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As COP28 draws to a close, one thing is crystal clear – we are at a pivotal moment.
Our CEO Ian Dunn reflects on the results of the climate conference and why there is reason to hope.
The 28th UN Climate Conference of Parties has just drawn to a close in Dubai, during which there had been fierce negotiations over the future of fossil fuels.
In the early hours of this morning the gavel went down and 198 governments agreed to “transitioning away from fossil fuels in energy systems, in a just, orderly and equitable manner… so as to achieve net zero by 2050 in keeping with the science”. This wording is not as strong as we had hoped, but it is the first time fossil fuels have ever been explicitly mentioned in a final agreement (in almost 30 years of climate COPs) and as the UN Climate Chief Simon Stiell said, it is the ‘beginning of the end’ for fossil fuels.
This issue is at the heart of climate action and this agreement was long overdue.
There are other key outcomes from this COP which give us reasons for hope:
More specifically focused on the intertwined climate and nature crises, we welcome two new initiatives coming out of this COP.
1.COP28 UAE Declaration on Sustainable Agriculture, Resilient Food Systems, and Climate Action
The acknowledgement and recognition of the adverse impacts of climate change on agriculture and food systems, and on billions of people including smallholders that are dependent on their resilience for food and livelihoods, is a great step in the right direction. Just two years ago, there was little or no mention of this issue, yet 158 governments endorsed the Declaration at COP28.
2. COP28 Joint Statement on Climate, Nature and People
This was an absolutely vital step in ensuring the climate and biodiversity crises are no longer considered as separate issues. We have known for a long time that they are fundamentally and intrinsically linked, and this is the first step in connecting the outcomes of the UNFCCC COP28 and the recently adopted Kunming-Montreal Global Biodiversity Framework.
This announcement was made: ‘At COP28 during Nature, Land Use and Ocean Day, we affirm that there is no path to fully achieve the near- and long-term goals of the Paris Agreement or the 2030 goals and targets of the Kunming-Montreal Global Biodiversity Framework without urgently addressing climate change, biodiversity loss and land degradation together in a coherent, synergetic and holistic manner, in accordance with the best available science.’
Eighteen governments have endorsed this declaration so far and we need to see many more signing up to this joined-up approach in the weeks ahead.
At Plantlife, we work tirelessly to bring the value of grasslands to the forefront of conversations around farming, nature, biodiversity and climate, both in the UK and internationally. Covering more than half the Earth’s land surface and with the livelihoods of around 800 million people depending on them, the importance of grasslands and savannahs cannot be underestimated.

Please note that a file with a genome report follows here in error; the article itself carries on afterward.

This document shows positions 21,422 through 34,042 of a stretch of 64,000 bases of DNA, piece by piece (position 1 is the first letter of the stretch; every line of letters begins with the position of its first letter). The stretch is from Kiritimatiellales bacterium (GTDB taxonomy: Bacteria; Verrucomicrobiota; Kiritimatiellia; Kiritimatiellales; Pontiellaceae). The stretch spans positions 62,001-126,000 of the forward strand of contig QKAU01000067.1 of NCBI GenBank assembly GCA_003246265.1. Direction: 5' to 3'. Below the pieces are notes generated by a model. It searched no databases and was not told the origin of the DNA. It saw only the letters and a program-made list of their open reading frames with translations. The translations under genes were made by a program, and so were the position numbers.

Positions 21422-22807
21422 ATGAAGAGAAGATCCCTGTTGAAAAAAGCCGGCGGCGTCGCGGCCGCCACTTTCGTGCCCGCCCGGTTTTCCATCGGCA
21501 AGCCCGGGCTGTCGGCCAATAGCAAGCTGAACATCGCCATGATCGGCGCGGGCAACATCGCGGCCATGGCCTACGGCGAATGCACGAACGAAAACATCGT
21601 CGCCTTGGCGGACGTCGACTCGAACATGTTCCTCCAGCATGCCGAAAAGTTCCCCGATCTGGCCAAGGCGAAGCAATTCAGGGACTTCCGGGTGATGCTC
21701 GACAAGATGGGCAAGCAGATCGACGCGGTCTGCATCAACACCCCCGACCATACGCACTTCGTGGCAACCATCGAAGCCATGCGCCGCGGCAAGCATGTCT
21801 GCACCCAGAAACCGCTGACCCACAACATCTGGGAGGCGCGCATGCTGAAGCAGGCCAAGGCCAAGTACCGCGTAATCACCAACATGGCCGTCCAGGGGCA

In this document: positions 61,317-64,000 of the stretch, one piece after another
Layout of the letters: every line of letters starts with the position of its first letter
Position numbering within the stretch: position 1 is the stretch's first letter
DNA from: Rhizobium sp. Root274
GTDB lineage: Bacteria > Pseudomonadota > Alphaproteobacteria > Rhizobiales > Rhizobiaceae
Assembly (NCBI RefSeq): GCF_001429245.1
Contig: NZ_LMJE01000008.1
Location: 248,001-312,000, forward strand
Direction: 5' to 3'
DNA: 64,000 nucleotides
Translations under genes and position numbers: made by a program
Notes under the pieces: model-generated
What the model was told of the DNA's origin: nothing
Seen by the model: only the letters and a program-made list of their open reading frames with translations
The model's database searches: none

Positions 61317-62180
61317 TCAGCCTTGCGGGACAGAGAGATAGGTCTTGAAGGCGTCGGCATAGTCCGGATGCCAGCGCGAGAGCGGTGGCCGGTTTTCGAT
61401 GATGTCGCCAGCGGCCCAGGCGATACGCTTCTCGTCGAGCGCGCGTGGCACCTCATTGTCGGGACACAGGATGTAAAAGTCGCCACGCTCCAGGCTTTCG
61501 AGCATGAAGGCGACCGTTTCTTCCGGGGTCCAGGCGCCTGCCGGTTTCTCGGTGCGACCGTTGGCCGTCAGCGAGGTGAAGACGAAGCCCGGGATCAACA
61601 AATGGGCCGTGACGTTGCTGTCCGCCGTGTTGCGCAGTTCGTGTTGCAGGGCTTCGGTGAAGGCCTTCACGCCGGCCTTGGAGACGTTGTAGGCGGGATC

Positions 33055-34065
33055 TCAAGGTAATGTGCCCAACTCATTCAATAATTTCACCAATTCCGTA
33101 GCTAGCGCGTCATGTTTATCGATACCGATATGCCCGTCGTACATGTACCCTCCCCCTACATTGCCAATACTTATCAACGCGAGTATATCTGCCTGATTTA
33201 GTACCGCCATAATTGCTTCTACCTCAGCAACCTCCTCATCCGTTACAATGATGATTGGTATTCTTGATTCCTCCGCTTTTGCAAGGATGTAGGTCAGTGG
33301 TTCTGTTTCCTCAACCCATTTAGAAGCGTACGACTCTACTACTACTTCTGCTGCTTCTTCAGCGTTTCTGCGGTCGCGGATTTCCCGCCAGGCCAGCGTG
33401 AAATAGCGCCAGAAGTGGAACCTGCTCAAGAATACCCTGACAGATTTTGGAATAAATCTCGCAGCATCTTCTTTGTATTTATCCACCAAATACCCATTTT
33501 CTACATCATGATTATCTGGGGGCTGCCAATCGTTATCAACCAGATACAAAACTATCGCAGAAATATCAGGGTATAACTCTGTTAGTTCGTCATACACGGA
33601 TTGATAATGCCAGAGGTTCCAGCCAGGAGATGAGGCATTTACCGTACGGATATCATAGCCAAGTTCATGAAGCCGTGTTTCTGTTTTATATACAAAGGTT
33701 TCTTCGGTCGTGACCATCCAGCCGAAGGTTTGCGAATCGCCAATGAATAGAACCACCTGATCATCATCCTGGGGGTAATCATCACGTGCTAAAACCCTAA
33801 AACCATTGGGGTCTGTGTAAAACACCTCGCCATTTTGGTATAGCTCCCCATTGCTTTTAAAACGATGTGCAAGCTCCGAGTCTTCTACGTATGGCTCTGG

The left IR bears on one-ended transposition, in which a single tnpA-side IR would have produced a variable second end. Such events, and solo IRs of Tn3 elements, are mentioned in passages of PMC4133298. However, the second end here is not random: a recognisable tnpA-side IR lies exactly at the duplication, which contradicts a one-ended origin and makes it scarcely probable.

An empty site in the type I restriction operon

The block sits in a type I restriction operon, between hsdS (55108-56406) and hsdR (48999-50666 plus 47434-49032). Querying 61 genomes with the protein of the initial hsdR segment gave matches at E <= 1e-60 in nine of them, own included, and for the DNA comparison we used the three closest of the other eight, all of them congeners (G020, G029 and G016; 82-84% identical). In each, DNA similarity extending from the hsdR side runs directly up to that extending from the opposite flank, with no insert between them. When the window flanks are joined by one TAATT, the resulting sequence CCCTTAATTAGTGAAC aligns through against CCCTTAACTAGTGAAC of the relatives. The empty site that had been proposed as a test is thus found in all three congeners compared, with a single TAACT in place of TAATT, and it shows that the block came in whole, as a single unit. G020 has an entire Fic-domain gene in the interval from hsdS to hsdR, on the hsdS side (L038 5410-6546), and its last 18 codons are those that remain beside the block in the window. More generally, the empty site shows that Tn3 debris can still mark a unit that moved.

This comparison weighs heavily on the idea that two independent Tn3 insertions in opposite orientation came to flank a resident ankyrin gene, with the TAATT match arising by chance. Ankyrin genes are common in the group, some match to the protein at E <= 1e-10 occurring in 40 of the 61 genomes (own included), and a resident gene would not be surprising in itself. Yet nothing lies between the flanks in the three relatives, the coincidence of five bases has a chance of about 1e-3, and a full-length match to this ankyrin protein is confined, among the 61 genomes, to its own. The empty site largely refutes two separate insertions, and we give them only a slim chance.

More generally, this COP marked a turning point for the role of Indigenous Peoples and the recognition of their contribution in not only safeguarding 80% of the world’s biodiversity, but their knowledge in living in true harmony with nature. Adopting this way of thinking will be a pivotal step in combating the climate crisis. Plantlife is aware of the importance of Indigenous knowledge particularly when it comes to Important Plant Areas (IPAs), with one of the criteria for identification being related to cultural significance.
You can read more about IPAs here specifically the Chiquitano people of Bolivia who identified 18 IPA sites to protect the Chiquitano dry forest which many of the community depend on for their food and livelihoods.
It is safe to say there was a healthy dose of concern and scepticism about this COP. What would come out of it? Would this be ambitious enough to secure a safe future for generations to come – from large cities in the Global North to the Small Island Developing States on the frontline of the climate crisis? The reference to fossil fuels and the language in the final text can be considered a win, but now we look to parties to solidify the ‘how’ and the ‘when’ of implementing the measures to ensure we stay at or below 1.5 degrees of warming.
One thing is crystal clear: we are at a pivotal moment, for the stability of our planet and all life on Earth, and Plantlife will keep working to show how wild plants and fungi can be at the heart of the solution.
Our Global Advocacy Coordinator, Claire Rumsey, shares her experience at COP28 understanding the role of nature and Indigenous Peoples in the climate conversation.
This WWF & Plantlife document makes the case for the world to recognise the vital role that grasslands and savannahs can play in addressing the climate and biodiversity crises.
We are teaming up with WWF (the World Wide Fund for Nature) at COP28 to press for better recognition of grasslands and savannahs, alongside other habitats.
Our Global Advocacy Coordinator, Claire Rumsey, will be at COP28 to speak up for the vital role of wild plants and fungi in the fight against climate change
At Plantlife, we are focused in gaining recognition for grassland ecosystems around the world as nature-based solutions to the climate crisis. Storing between 25-35% of the world’s terrestrial carbon, they are an underutilised resource.
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